A broad coalition of hotels and resorts have pledged to work toward achieving "net positive hospitality" promising to take action to protect nature, enhance climate resilience and reduce the environmental impact of their operations.
This week, the Sustainable Hospitality Alliance, a group which represents more than 50,000 properties and 7 million rooms globally, unveiled a five-year strategy setting out how the sector can "go beyond net zero" and positively affect the environment, communities and the economy.
Announcing the action plan earlier this week, the Alliance heralded the "dawn of a new era for the once-fragmented hospitality industry."
As part of the new five-year plan, the members of the Alliance have committed to a range of initiatives, including the introduction of standardized sustainability metrics across the sector.
The move follows more than 12 months of preparatory work led by Alliance CEO Glenn Mandziuk in conjunction with systems change consultancy Systemiq, donor members and external partners, since the Alliance published its initial vision for how the sector could become "net positive."
"This [five-year] strategy can drive large-scale, tangible change, creating net positive leadership," Mandziuk said. "Our environment and communities will undoubtedly benefit from this strategy, and I foresee a prosperous and contributory future for the global hospitality sector."
Efficient resource use, pollution minimization, protection and regeneration of nature, fairness in the workplace, equitable and better opportunities, community partnerships and support, customer welfare and "net positive" governance are all part of the group's overall vision.
The group also announced that the most ambitious donor members of the Alliance are to form a "hospitality high ambition movers group" that will see them leverage their market position and investment capacity to pioneer cutting-edge sustainability best practices and clean technologies.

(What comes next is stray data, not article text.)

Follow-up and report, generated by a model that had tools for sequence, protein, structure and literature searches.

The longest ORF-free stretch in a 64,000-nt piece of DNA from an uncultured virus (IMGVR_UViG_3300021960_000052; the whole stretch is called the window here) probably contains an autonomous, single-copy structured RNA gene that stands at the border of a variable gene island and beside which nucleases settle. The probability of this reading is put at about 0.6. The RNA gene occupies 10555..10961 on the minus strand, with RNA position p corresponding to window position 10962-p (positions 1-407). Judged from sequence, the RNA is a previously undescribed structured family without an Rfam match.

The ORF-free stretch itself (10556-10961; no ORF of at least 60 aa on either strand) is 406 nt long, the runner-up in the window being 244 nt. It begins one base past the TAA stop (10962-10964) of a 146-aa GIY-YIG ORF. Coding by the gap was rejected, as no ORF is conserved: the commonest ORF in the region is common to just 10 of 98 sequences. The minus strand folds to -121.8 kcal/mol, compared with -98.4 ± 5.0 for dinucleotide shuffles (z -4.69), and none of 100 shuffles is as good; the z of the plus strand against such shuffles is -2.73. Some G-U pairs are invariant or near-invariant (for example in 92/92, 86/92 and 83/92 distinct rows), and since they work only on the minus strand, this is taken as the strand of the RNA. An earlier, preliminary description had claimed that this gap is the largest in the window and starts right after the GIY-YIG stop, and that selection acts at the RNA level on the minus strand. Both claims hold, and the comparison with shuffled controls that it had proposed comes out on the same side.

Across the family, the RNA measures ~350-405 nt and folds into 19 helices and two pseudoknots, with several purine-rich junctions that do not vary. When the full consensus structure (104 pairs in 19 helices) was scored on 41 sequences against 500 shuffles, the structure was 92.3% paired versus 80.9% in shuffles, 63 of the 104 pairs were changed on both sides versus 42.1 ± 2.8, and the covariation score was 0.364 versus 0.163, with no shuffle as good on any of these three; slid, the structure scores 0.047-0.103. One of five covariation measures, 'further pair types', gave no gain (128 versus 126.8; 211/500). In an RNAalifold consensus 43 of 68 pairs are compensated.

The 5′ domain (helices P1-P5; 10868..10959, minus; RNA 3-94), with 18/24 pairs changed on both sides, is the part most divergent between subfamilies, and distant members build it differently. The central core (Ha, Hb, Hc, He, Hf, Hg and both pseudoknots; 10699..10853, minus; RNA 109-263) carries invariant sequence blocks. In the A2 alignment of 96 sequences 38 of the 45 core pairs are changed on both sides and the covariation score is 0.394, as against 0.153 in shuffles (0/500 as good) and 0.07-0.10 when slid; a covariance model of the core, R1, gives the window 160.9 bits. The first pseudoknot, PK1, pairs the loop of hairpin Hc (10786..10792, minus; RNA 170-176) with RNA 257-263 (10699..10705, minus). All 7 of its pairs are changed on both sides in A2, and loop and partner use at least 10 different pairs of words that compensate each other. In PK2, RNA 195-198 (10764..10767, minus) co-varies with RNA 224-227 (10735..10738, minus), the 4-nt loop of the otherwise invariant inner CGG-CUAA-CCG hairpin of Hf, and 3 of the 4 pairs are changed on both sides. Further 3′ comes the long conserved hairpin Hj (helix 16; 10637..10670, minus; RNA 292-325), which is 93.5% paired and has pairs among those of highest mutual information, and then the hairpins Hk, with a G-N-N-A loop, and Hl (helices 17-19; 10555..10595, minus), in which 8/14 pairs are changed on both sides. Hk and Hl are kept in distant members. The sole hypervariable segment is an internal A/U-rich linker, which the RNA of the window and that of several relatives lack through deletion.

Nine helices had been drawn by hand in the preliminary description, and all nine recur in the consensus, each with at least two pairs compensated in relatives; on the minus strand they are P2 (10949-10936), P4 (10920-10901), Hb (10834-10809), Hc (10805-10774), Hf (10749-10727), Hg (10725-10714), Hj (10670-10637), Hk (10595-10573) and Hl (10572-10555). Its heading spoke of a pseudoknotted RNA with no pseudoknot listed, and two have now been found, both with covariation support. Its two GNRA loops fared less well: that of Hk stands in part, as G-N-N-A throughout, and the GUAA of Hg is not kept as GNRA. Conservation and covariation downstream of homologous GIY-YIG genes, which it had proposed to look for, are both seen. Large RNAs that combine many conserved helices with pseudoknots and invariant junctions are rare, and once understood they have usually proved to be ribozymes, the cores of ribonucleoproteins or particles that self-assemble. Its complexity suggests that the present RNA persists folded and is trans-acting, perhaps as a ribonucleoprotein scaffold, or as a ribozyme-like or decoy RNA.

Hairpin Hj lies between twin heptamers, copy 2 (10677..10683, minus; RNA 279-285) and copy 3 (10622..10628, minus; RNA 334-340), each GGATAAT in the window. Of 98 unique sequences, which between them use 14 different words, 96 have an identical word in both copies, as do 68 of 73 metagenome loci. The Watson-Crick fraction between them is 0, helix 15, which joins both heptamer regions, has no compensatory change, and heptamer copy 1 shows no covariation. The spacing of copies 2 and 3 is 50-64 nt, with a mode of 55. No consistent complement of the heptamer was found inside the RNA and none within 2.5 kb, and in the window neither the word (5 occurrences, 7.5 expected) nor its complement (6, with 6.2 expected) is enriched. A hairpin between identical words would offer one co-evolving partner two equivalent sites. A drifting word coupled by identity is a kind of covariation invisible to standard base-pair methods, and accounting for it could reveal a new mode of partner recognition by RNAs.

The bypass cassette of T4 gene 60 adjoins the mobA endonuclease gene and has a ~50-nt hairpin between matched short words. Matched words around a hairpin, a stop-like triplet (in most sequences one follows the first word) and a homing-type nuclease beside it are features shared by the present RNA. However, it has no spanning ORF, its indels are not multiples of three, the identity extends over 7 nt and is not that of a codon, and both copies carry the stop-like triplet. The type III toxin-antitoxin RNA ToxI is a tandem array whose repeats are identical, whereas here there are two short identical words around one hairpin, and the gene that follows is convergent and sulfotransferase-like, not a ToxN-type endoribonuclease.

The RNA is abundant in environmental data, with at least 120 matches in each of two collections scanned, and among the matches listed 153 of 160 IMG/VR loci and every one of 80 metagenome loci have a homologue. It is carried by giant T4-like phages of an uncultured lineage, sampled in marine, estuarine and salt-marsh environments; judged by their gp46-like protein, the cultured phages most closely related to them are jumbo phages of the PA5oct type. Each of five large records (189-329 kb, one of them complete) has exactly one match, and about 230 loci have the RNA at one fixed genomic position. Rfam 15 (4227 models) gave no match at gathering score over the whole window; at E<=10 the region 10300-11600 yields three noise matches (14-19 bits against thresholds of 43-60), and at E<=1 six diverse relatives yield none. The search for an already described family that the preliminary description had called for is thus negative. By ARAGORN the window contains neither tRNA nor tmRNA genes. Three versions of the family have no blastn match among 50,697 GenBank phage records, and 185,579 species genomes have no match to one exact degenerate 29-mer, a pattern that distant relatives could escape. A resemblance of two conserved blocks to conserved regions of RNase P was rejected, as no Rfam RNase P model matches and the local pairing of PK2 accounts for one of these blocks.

Jeremy Oppenheim, senior partner at Systemiq, said the hospitality industry was in a privileged position to drive change across the economy.
"We know that the travel & tourism industry could cut emissions by 40 percent, as soon as 2030," he said. "And while much of the industry is still not moving fast enough, momentum around sustainable hospitality, and the work of the Alliance, can drive that industry-wide transition. Hospitality has a rare opportunity for outsize impact, as one of the few industries that connects to both global industries and local communities through its supply chain."
In related news, the Soho House Group published its second ESG report this week, highlighting how the firm had made significant progress in carbon data collection, offset 100 percent of corporate travel through investment in forest projects and disclosed its climate risks under the Taskforce for Climate-Related Disclosures (TCFD).
The company, which owns 75 sites around the world, is aiming for a 50 percent reduction in its operational and power-related emissions by 2030, and is working with partners to review and reduce Scope 3 carbon emissions intensity by 50 percent.
In his introduction of the report, CEO Andrew Carnie said the firm had "put a particular focus on data collection" in 2022 and was reporting on carbon emission and waste across its portfolio.
"We've used this information to better understand our impact, and to review some of our 2030 goals in the process," he said. "We want to ensure we have a robust strategy in place to meet these targets and that we're transparent about how this evolves as we move forward."